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Statkraft sets ambitious gender diversity target for UK workforce

David Flood, managing director of Statkraft.
David Flood, managing director of Statkraft.

Onshore wind developer Statkraft is to set an ambitious gender diversity target to increase the percentage of women within its UK workforce.

The Norwegian firm has pledged to have 40%  of leadership positions held by women by 2030.

Statkraft, who opened its Glasgow office space less than six months ago, said last month it could be prepared to invest £600 million on Scottish projects through to 2025 – which equates to 75% of its planned global spend.

It has a number of schemes planned in Grampian and the Highlands.

David Flood, managing director of Statkraft said: “I have no doubt that this commitment will deliver a long-term gain for Statkraft.

“Empowering our staff is a vital part of our pledge, but the under-representation of women needs to be addressed above and beyond the workplace.

“Last year, women comprised only 22% of A level physics students, and 8% of apprentices related to Science, Technology, Engineering and Maths.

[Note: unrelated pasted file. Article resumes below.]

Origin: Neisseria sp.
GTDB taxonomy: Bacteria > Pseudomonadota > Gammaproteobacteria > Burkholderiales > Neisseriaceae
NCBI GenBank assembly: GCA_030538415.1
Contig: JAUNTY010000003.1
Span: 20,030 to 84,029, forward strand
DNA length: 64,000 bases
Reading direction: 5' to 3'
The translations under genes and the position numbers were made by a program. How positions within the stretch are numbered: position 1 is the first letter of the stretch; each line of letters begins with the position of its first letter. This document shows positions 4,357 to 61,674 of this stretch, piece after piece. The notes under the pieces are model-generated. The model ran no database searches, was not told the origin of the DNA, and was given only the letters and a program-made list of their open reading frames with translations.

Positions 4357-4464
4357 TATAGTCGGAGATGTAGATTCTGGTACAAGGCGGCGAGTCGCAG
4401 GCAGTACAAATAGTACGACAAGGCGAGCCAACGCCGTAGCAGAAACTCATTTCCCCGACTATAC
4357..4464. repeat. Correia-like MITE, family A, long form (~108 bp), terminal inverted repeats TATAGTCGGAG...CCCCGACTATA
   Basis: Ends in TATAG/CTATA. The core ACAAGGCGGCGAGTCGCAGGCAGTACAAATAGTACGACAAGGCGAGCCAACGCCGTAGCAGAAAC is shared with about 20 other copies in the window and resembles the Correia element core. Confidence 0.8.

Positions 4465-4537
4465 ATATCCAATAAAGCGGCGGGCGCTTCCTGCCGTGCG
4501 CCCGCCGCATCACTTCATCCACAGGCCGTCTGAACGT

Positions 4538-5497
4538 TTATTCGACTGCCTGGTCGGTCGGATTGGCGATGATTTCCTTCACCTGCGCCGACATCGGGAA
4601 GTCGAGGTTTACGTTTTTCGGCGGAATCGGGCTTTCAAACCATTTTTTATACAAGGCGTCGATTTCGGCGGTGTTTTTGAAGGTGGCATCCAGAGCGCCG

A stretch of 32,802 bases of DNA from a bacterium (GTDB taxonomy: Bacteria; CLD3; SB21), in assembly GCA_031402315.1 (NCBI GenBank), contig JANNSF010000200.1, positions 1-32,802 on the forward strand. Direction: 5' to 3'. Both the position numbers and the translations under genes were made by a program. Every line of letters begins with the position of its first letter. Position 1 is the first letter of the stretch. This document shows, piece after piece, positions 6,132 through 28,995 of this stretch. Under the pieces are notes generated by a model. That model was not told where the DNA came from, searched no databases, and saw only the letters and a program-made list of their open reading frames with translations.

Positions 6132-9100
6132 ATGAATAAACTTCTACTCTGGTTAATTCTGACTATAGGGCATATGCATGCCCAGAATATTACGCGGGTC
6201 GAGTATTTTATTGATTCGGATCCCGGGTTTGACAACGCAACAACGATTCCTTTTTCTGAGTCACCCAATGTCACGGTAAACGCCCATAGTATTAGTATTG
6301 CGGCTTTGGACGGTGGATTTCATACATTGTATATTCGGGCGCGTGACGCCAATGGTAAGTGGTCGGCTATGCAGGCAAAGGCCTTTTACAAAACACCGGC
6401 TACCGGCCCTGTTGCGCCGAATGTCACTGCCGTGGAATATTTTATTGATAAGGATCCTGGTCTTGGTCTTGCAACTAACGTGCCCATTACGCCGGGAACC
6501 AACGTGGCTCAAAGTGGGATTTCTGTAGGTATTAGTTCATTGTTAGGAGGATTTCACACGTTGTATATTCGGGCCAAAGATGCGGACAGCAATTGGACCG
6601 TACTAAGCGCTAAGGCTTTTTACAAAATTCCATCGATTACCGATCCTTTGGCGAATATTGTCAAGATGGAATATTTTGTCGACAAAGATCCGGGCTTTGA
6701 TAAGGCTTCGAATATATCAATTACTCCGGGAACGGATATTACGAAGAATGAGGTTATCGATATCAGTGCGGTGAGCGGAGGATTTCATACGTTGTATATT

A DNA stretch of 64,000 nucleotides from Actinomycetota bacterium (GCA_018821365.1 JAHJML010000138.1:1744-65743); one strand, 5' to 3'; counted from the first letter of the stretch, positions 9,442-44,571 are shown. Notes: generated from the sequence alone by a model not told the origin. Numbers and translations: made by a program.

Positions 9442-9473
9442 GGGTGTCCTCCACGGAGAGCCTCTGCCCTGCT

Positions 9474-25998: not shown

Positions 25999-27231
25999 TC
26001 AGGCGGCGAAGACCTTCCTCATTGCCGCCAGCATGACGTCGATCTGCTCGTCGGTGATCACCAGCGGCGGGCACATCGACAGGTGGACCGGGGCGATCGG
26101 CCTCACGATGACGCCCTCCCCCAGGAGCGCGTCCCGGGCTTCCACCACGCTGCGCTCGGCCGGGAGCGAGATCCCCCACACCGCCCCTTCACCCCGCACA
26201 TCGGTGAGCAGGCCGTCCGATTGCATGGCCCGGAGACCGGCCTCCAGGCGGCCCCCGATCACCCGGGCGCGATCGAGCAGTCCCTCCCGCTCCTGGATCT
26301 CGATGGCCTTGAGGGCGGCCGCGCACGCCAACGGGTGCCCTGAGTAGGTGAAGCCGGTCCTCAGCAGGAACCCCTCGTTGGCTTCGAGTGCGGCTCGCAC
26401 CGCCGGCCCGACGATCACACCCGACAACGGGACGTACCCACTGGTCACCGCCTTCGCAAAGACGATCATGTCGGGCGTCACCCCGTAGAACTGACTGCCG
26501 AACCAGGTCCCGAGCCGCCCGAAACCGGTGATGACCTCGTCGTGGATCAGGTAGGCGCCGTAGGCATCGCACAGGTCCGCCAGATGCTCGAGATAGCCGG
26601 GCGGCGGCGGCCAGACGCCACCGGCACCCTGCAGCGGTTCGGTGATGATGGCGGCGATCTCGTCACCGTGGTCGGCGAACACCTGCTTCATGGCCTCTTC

“Therefore we have also acknowledged our role in mentoring and inspiring more female students to pursue these subjects”.

Women in the energy sector still occupy only around 16% of board seats, and 6% of executive boards seats in the UK.

42% of boards have no women represented at all.

Statkraft said today’s pledge is made to coincide with International Women’s Day.

Louise Kingham, board member of POWERful Women and chief executive of the Energy Institute, said: “Having a leading energy business like Statkraft setting such an ambitious target on diversity in its leadership roles is to be applauded.

“It’s a great way to mark International Women’s Day.

“Statkraft clearly recognises the direct business benefits of diversity, and making a public pledge means that they are willing to be held accountable for progress and to lead by example.

“This is very welcome – unless the major employers across the whole UK energy sector follow this lead, we are not going to improve the frankly dismal state of play on diversity at the top of our industry, nor reap the benefits of better balance.”

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